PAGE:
What follows is a crazy essay of sorts…I hope you are in the mood for reading!
First, if you’ve yet to take the opportunity, please go and read this blog post from Cheryl (Naptime Quilter).
I’ll wait here.
Back? Wasn’t it great? Okay, here were my favorite bits:
“Yes, the importance of history and tradition is acknowledged, but people often come to modern quilting as either an evolution or rebellion from traditional quilting. Well, I would now argue that modern quilting is actually just really, really traditional quilting. Before people got caught up in intricate pieced patterns with a million different templates and detailed quilting.”
“So, this whole modern quilting thing. I can say for sure that I have a new perspective on it. And I don’t think it is as revolutionary as some think it is. It really is a throwback to the traditional, traditional quilting, as this post also mentions.”
I really dig what Cheryl is saying here.
Here’s how I would boil it down: Modern Quilting is in an odd space because it is really not some crazy new-fangled thing we just made up and yet it is not recognized as traditional either.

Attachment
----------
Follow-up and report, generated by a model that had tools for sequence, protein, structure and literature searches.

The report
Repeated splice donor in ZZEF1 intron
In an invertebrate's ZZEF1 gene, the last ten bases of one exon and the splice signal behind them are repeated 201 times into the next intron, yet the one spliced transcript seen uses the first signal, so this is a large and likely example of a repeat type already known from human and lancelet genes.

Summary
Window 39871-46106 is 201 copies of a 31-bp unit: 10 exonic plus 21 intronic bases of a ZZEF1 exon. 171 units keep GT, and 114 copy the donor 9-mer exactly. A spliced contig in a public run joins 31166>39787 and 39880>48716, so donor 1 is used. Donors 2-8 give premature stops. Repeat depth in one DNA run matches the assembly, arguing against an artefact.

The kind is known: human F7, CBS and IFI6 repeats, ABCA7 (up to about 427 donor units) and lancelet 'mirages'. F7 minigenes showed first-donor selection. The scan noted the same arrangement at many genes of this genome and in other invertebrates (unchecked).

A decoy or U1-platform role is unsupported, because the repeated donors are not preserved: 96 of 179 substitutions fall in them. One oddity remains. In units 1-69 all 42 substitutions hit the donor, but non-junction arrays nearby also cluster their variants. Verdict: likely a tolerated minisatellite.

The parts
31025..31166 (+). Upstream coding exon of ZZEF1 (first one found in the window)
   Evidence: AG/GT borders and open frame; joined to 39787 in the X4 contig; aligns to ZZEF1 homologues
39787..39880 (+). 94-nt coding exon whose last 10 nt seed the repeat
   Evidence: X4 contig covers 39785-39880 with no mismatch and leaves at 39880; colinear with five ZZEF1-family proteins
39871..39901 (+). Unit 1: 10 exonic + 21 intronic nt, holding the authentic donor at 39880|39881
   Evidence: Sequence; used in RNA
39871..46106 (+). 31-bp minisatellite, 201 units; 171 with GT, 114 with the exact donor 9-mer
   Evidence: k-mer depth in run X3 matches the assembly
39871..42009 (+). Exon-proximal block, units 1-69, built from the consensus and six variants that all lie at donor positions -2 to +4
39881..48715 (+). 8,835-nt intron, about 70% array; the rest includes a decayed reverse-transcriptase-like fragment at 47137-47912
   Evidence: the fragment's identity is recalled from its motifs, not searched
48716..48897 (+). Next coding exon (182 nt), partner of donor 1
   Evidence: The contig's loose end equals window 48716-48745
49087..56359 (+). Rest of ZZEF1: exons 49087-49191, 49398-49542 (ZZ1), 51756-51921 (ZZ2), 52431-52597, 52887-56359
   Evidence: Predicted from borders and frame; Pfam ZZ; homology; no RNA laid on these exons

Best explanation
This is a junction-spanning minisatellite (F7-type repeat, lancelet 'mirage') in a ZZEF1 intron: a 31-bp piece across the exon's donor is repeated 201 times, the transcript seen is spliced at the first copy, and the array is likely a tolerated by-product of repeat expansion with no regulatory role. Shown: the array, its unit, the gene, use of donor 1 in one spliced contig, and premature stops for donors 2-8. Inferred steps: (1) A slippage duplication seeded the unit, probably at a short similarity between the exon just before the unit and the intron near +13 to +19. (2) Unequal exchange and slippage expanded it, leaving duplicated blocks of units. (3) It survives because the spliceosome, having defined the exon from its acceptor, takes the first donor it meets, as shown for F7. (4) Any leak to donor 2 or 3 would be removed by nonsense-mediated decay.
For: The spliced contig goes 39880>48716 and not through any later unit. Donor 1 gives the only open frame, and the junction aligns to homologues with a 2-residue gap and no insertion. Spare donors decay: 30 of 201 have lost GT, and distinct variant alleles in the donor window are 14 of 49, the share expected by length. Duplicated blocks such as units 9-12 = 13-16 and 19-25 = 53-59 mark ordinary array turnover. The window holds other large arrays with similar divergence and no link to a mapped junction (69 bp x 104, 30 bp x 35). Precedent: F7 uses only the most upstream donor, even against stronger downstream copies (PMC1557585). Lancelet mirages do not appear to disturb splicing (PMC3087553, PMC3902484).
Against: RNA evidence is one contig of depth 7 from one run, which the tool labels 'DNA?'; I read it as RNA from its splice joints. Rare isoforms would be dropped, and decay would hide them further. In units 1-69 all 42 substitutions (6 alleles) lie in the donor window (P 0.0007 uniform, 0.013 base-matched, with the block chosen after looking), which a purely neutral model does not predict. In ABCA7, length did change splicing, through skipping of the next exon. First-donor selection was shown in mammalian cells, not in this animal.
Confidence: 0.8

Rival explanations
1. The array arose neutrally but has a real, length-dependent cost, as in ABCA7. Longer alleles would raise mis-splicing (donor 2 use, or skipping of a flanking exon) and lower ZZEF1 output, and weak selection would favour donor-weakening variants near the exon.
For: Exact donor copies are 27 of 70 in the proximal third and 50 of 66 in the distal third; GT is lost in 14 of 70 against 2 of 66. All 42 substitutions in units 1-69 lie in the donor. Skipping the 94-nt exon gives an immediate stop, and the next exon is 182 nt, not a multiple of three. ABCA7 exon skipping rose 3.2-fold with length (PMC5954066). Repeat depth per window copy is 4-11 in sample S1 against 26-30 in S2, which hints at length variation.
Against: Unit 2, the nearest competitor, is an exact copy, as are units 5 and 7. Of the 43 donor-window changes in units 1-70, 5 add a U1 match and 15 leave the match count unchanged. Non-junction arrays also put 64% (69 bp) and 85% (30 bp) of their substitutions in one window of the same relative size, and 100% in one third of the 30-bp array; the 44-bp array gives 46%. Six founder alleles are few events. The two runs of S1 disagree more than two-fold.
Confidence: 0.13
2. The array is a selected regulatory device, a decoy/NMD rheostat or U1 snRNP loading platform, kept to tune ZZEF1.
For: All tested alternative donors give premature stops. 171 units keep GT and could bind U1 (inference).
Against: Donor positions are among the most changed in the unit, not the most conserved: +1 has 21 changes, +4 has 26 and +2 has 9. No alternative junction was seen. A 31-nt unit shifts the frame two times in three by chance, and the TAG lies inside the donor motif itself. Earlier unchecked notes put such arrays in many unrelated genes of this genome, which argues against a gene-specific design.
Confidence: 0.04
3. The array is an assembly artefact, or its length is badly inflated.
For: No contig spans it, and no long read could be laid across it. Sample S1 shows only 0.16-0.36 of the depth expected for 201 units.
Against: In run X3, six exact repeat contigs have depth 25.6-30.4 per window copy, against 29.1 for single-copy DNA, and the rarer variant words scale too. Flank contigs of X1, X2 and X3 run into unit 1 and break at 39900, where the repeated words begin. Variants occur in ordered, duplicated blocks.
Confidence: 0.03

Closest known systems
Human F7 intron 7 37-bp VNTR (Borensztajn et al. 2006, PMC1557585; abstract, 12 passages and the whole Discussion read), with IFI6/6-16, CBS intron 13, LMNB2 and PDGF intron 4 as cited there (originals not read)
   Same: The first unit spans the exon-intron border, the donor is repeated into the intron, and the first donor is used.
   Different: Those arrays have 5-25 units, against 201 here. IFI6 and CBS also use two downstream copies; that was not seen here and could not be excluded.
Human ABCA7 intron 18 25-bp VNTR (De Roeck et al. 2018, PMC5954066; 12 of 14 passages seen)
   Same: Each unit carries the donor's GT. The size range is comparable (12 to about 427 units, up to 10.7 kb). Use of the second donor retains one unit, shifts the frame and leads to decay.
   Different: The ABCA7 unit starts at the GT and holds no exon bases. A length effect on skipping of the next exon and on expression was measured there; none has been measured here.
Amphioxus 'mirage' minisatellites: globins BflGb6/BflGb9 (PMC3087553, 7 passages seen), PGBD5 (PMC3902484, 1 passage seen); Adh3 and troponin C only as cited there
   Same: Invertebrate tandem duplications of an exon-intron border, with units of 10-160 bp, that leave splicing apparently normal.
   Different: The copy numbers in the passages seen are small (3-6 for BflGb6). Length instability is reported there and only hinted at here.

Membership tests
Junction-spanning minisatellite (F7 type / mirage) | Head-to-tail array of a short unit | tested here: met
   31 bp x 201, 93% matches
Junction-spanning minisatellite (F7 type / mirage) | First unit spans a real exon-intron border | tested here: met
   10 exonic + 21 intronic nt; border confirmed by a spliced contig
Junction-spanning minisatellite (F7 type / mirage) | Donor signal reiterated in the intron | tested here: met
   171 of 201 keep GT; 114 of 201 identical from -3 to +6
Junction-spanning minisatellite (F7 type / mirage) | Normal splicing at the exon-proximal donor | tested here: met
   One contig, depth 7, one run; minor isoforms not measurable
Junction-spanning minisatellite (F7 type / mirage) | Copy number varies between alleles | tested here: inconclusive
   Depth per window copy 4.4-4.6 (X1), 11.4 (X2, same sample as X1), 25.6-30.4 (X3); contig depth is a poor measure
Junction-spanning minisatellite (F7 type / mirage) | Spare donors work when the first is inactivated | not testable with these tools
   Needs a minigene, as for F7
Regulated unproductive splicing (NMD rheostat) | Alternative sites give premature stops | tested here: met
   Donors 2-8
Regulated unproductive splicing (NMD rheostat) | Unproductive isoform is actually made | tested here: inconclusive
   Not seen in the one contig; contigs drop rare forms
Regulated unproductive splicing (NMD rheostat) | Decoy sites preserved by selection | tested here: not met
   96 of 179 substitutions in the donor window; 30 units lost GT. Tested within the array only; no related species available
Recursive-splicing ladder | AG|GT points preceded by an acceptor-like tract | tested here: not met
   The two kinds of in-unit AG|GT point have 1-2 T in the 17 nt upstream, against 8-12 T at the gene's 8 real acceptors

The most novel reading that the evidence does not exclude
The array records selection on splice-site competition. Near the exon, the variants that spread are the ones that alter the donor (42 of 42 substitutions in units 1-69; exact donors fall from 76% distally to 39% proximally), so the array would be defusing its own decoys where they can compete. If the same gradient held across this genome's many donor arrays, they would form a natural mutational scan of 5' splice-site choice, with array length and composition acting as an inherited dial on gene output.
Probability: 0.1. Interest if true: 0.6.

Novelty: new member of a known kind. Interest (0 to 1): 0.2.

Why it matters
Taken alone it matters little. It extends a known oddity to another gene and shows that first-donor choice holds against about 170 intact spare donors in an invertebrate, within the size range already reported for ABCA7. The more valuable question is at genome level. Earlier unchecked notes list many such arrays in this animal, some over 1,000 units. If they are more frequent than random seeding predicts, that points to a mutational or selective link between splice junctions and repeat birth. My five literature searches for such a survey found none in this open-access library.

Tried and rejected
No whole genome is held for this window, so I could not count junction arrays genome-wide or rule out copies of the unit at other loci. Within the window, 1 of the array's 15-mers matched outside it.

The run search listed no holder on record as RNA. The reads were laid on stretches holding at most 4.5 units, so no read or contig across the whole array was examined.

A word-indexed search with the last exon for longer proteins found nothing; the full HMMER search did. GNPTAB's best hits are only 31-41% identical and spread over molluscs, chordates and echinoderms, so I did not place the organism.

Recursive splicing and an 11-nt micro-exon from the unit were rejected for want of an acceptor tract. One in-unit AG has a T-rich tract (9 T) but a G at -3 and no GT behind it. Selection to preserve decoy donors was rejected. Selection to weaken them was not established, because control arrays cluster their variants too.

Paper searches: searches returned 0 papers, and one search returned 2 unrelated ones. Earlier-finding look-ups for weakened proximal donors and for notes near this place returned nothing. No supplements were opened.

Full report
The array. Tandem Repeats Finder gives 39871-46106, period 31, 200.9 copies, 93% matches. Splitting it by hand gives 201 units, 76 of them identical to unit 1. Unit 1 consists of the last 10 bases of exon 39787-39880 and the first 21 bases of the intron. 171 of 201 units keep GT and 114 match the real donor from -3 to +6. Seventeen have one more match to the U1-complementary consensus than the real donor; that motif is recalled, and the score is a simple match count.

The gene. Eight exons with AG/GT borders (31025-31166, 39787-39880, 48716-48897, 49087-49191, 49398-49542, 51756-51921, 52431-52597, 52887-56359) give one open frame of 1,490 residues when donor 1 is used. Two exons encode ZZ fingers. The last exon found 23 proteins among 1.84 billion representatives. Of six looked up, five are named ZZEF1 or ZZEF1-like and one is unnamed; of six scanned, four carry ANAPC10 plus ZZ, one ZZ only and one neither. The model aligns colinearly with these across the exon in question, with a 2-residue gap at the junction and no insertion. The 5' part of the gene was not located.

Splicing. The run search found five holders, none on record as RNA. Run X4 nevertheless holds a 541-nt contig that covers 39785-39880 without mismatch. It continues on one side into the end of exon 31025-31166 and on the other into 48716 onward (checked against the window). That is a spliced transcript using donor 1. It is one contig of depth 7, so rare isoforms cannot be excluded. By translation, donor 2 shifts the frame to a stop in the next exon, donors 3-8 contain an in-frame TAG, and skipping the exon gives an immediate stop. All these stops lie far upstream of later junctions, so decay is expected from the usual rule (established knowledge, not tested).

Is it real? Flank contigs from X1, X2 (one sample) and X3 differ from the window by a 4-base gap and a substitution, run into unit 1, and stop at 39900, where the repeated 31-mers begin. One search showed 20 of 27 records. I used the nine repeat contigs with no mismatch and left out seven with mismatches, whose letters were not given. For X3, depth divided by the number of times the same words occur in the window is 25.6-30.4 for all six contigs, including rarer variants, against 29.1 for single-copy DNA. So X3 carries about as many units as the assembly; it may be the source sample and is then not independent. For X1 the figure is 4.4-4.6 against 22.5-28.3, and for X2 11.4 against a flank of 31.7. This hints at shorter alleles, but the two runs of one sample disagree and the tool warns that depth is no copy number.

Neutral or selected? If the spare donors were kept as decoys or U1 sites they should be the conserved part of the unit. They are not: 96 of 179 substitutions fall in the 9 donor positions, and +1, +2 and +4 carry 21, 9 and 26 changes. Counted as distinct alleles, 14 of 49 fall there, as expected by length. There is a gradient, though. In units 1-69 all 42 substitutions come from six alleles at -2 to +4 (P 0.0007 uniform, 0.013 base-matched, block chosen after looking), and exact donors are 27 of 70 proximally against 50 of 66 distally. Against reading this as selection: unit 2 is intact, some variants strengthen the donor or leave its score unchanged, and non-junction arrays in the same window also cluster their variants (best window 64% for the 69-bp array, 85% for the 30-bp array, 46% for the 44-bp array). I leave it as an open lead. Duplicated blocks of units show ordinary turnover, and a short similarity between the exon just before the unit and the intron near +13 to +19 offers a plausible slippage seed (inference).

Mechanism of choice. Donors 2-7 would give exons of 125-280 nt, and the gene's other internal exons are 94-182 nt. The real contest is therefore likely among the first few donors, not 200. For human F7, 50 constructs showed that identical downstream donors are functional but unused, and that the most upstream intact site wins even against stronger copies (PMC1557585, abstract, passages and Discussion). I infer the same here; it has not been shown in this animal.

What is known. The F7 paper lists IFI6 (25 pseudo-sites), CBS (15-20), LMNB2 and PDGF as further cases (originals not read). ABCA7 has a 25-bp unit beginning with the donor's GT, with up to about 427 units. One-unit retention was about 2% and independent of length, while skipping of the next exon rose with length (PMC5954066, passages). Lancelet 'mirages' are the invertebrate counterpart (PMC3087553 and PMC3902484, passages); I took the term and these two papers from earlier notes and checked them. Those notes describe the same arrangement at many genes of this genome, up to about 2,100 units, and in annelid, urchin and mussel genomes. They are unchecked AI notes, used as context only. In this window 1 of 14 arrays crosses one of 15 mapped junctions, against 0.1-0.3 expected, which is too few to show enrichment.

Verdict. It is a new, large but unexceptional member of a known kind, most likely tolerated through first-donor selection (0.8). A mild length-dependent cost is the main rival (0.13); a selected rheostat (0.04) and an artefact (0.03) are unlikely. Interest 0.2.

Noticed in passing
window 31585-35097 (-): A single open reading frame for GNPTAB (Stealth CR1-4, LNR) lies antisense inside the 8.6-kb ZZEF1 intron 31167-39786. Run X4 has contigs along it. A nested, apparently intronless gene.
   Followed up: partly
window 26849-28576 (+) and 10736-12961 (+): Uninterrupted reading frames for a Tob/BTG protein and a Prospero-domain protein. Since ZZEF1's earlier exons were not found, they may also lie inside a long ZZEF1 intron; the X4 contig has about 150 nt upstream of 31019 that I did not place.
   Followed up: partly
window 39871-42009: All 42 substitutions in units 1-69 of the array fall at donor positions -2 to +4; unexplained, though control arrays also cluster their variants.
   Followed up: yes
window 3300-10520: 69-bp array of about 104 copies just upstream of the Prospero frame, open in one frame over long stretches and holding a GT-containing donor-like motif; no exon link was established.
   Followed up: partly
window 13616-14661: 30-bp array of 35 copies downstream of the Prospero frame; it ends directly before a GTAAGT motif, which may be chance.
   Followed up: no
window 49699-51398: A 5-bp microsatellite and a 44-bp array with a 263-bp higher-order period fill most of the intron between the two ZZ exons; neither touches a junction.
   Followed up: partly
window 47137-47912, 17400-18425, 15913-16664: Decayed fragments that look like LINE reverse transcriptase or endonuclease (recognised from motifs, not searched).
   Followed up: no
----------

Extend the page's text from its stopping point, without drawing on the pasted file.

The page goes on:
Cheryl’s post reminded me a talk I saw on TED
a while back. In this talk, Philippe Starck encourages designers to be aware of both how they *are* mutants (by which he means both an evolution of what came before and importantly dissimilar from what came before) and how they are *not* the final mutant (and therefore owe something to the future as well as the past).
(the section I’m talking about is from 5:00 -8:00)
Starck: “That is our beautiful story: mutation. We are mutant. And if we do not deeply understand, if we don’t integrate that we are mutant, we completely miss the story. Because every generation thinks we are the final one….I am not sure of that. Because that is our intelligence of mutation, there are so many things to do. It is so fresh. … Nobody is obliged to be a genius, but everybody is obliged to participate.”